In this final instalment of the Robertson case, I will look at why it was decided that the whole of the commission paid to an insurance adviser was assessable on receipt despite the fact that some clawback might take place.
The Special Commissioners considered that the payments made by Allied Dunbar to the taxpayer on indemnity terms were advances of commission rather than loans.
This conclusion was supported by the fact that the advancements were so described in the agency contract, which only referred to them as debts once the premiums had ceased, resulting in commission clawback, rather than at the point of payment.
The taxpayer had received the advances as consideration for his services, subject to a discount because payment had been accelerated.
The Special Commissioners stated that the taxpayer had adopted an acceptable method of accounting in full for the advance payments for the two years prior to that in question.
It had clearly been unnecessary to include a provision for lapsed policies in view of the wide margin between the 50 per cent of initial commission advanced and the 87 per cent of policies expected not to lapse.
The Special Commissioners then accepted the evidence of the Revenue expert that the upfront method and the deferred accruals method of accounting were acceptable.
It was their job, therefore, to decide which was the correct principle of commercial accountancy to be applied in the case under consideration in light of what had happened previously in respect of that taxpayer and also in light of SSAP2, so as to determine the date at which it could be ascertained with reasonable certainty whether the advances had been ultimately realised for the purposes of the concept of prudence and, also, for determining the change in the taxpayer's net assets arising out of his transactions in the period in accordance with the accruals concept.
As stated above, the Special Commissioners were of the view that it could be determined with reasonable certainty that the 50 per cent commission advanced had been in effect realised.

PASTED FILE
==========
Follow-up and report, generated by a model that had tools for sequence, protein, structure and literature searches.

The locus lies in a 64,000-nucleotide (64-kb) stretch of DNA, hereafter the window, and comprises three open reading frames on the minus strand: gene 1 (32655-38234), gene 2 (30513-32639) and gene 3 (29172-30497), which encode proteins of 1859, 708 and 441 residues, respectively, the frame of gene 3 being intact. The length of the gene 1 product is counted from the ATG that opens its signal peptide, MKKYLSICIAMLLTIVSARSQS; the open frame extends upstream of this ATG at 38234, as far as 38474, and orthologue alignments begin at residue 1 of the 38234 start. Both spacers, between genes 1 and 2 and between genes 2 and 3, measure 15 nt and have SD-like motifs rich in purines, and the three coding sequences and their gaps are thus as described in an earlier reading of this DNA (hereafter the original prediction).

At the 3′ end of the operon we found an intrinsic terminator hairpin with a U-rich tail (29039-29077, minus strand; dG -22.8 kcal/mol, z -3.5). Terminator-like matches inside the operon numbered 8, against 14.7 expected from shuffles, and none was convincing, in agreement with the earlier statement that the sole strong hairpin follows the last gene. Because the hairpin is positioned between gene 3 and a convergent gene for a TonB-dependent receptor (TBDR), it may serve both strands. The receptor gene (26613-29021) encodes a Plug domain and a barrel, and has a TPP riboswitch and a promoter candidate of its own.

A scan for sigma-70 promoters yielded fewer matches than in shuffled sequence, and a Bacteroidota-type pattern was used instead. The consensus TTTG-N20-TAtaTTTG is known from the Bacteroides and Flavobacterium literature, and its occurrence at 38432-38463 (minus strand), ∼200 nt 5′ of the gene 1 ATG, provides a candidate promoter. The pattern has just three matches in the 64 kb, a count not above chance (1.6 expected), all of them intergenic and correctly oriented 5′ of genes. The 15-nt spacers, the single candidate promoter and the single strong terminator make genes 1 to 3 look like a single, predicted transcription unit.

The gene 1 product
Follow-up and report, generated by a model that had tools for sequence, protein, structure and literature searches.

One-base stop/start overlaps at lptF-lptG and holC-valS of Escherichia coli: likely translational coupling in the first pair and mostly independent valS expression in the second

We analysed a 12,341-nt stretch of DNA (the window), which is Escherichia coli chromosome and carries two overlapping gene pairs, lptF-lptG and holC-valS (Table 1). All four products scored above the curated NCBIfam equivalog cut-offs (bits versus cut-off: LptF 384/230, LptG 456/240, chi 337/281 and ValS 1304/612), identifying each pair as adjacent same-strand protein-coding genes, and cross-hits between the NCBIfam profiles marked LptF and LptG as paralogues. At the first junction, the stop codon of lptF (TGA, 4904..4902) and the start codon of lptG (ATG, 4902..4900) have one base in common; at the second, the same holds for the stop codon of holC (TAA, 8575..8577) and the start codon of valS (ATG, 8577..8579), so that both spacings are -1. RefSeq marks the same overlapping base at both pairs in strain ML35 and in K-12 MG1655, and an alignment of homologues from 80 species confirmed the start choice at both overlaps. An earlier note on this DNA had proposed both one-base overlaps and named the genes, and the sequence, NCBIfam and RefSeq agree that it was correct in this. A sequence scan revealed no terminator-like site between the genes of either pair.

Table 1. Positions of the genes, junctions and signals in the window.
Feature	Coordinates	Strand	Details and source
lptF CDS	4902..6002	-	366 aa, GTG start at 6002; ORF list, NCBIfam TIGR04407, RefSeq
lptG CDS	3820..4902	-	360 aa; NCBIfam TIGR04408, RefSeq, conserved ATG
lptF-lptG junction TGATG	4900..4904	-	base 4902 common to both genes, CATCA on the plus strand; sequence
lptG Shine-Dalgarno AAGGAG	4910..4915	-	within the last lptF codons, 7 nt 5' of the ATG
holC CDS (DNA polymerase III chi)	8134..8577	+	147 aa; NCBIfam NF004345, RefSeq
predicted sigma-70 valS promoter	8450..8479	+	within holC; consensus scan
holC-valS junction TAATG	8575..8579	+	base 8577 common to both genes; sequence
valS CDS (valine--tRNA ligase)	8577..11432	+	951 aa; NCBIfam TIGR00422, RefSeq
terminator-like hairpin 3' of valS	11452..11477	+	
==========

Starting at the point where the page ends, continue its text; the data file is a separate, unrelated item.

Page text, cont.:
In support of this, the Special Commissioners stated that the taxpayer had received monthly schedules from Allied Dunbar and had clearly been aware of the lapse rate of the policies that he had sold and would presumably have endeavoured to contact clients whose policies had lapsed if only to protect his own commission.
They also stated that Allied Dunbar had reserved the right to defer payment of advances to protect itself and the agent from bad debts.
Especially in light of this last point, it would have been surprising if Allied Dunbar had not itself monitored the position carefully and made its insurance agent aware if the lapse rate was slipping beyond what they considered accep table.
The Special Commissioners then agreed that the evidence of the Inland Revenue's expert – that the upfront method matched revenue and cost more closely than the deferred accruals method and, therefore, was more realistic – was acceptable.
The Special Commissioners concluded that the prudence concept did not preclude the use of the upfront method in the case under consideration although the taxpayer was a sole trader.
The Special Commissioners also stated that the bigger the advance, the stronger would be the case for the deferred accruals method because the greater would be the possibility of clawing back some of the advance.
In the facts of this particular case, however, the advance was only 50 per cent and history had shown that for this taxpayer the lapse rate was only 13 per cent.
In conclusion, then, the Special Commissioners stated that the correct principle of commercial accounting practice to be applied in light of the facts and circumstances of the Robertson case was the upfront method, whereby advances were recognised in full in the accounts for the period in which they were received.
This is useful further endorsement of the Inland Revenue's view of the treatment of indemnity commission.
Clearly, the loan argument has once again been discredited.
It is not inconceivable, of course, that a contract could be agreed which may strengthen an argument that advancements of commission are loans.
However, this does not seem to be in any way standard practice currently. As a result, the basic principle that commission, even indemnity commission, is taxable when earned, subject only to a reasonable deduction for likely lapses based on past evidence, looks set to continue and must be taken into account by all those receiving indemnity commission.